A. Program description

The Department of Chemistry at Nevada offers graduate degrees in Chemistry (MS and PhD) and Chemical Physics (PhD). The department hosts 65-75 graduate students that work towards their degree completion under the supervision of research-active faculty in their area of study.

1. Master’s (MS) Degree Program

The Department of Chemistry offers two M.S. degrees in Chemistry1, a research-based Thesis Masters degree (Plan A), and a non-Thesis Masters Degree (Plan B) The general requirements of the Graduate School must be satisfied by all candidates for the M.S. degree with a major in chemistry.

  • 30 units for Plan A, or 32 units for Plan B

Program Objectives/Student Learning Objectives (SLOs)

Outcome 1: Theoretical knowledge

Students will possess a broad factual knowledge at the advanced level in all subfields of chemistry (Physical, Inorganic, Organic, and Analytical). a deep factual and theoretical understanding of their area of specialization, including an awareness of modern research methods and technology, and problems of intense current interest. advanced cognitive skills in areas such as mathematics and physics that are necessary to understand and advance chemical theories.

Outcome 2: Research methods, planning and experiment design

Students will independently design experiments to investigate scientific hypotheses. carry out experiments safely, using proper equipment and techniques. independently conduct analysis, along with evaluation of experimental or computational uncertainties and noise. interpret experimental results in the context of their uncertainties.

Outcome 3: Literature research and communication skills

Students will be able to present their work by effective written communication in the form of scientific papers and reports, and by oral communication in the form of scientific seminars. train others in basic scientific knowledge and techniques and in advanced knowledge and techniques in their field of expertise. use scientific databases and the scientific literature to research a new topic. critically analyze and extract information from papers in the scientific literature.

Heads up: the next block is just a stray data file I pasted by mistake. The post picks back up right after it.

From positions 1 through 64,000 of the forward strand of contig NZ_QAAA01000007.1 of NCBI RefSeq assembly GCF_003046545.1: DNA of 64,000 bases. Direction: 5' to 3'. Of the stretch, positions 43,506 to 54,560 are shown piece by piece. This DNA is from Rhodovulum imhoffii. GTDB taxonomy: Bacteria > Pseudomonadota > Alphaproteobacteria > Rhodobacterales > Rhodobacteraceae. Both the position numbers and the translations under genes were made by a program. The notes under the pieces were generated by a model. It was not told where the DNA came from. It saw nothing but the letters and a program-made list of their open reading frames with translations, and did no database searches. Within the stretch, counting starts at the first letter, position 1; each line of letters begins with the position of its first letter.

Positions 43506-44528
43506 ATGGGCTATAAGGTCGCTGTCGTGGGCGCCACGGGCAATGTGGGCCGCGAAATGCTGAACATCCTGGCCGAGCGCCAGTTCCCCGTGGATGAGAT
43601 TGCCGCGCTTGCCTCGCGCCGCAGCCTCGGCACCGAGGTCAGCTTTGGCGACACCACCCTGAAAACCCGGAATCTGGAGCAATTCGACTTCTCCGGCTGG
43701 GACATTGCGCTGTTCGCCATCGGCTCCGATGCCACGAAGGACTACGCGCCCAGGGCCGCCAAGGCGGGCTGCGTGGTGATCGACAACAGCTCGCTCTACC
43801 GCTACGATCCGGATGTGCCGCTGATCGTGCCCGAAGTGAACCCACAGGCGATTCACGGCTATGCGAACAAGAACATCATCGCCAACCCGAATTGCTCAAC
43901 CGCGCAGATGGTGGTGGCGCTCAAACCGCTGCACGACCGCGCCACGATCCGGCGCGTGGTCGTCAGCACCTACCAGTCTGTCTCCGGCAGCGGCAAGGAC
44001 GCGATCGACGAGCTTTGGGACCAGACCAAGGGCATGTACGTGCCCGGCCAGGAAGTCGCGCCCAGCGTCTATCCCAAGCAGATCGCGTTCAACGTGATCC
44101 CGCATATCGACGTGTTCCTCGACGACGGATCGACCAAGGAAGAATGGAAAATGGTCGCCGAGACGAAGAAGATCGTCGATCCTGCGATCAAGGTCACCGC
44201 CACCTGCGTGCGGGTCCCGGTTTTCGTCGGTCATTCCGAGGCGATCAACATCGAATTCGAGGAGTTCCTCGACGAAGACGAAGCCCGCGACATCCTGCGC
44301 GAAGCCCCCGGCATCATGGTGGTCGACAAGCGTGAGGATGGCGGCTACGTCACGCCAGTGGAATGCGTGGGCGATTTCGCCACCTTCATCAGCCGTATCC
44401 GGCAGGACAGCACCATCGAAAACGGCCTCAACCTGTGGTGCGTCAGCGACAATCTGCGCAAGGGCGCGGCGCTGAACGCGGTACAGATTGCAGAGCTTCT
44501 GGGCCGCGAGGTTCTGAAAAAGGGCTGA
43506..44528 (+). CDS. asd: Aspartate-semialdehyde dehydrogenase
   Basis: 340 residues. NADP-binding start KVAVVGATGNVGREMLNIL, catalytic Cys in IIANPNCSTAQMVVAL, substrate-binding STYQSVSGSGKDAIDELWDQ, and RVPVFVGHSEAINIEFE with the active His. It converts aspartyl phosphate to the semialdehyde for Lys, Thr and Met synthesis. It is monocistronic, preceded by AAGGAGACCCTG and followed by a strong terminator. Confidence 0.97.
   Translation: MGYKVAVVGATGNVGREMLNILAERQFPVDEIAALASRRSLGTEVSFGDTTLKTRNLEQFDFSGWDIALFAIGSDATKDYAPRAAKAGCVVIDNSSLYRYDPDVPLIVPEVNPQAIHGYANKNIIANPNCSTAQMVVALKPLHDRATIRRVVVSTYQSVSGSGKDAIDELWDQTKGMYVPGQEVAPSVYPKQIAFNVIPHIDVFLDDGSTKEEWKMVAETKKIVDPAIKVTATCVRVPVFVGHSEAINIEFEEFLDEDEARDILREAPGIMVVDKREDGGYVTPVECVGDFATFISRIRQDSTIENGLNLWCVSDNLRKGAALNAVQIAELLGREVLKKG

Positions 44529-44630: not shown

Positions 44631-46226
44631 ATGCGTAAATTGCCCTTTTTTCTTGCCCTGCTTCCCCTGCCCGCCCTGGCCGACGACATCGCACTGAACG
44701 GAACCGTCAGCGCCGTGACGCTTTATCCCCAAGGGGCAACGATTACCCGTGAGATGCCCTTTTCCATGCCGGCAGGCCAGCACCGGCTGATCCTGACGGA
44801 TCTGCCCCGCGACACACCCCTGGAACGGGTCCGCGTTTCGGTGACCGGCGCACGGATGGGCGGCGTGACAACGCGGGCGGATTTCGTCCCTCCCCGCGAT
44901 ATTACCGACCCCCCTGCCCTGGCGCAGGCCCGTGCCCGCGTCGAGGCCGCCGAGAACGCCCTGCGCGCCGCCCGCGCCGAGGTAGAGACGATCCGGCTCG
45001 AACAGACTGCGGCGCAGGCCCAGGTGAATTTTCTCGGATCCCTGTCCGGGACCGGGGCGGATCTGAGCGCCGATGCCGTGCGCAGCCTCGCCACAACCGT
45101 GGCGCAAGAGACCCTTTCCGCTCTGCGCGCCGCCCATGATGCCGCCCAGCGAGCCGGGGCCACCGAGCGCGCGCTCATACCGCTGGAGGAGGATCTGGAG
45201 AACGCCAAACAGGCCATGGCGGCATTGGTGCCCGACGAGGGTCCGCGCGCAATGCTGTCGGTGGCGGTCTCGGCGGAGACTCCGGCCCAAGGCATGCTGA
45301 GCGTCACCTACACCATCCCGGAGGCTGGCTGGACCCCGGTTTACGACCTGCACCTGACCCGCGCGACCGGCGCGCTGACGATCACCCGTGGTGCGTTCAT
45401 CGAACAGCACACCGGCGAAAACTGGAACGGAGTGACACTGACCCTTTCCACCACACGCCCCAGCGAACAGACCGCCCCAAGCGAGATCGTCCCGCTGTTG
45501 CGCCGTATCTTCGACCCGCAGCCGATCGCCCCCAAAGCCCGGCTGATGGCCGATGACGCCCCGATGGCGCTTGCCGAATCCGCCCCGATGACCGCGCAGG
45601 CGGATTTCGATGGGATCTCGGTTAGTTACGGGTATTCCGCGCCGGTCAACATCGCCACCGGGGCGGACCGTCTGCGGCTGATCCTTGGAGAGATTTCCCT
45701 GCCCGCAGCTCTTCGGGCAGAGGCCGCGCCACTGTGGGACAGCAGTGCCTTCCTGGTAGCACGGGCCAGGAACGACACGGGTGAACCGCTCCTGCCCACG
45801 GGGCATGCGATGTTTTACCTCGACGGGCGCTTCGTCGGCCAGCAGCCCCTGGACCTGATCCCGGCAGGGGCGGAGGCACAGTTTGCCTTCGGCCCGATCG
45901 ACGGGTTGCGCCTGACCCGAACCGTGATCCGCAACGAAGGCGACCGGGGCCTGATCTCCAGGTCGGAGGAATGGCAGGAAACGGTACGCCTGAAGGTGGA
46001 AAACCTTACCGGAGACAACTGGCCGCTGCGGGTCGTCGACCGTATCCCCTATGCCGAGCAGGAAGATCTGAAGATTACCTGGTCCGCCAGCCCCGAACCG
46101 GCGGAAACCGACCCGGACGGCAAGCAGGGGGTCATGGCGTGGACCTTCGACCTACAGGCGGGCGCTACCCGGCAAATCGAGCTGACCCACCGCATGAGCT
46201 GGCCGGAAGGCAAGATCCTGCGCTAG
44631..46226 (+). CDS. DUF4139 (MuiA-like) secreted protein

Outcome 4: Scientific creativity and independence

Students will understand the societal and general scientific significance of their work. possess the ability to identify key issues within their research area and independently propose new research directions and meaningful, testable hypotheses. be able to draw from their general scientific training to synthesize new problem-solving approaches.

Outcome 5: Professional and career success

Graduates will be successful in their professional careers as demonstrated by their abilities to solve important chemistry problems, to solve problems in areas different from their training, and to develop new and valuable ideas.

Be able to work in a variety of professional environments as demonstrated by the abilities to work both in teams and independently, to provide project leadership, to mentor junior coworkers, and to communicate scientific results effectively to the chemistry community and the public.

Possess professional character as demonstrated by their ethical behavior, their pursuit of continuing education and involvement in professional associations, and their commitment to safety and protection of the environment.

2. Ph.D. degree program

The Department of Chemistry offers a Ph.D. degree in Chemistry, and a separate Ph.D. degree in Chemical Physics administered jointly with the Department of Physics. The general requirements of the Graduate School must be satisfied by all candidates for the Ph.D. degree with a major in chemistry.

  • 72 units

Program Objectives/Student Learning Objectives (SLOs)

  • Theoretical knowledge
  • Research methods, planning, and experiment design
  • Literature research and communication skills
  • Scientific creativity and independence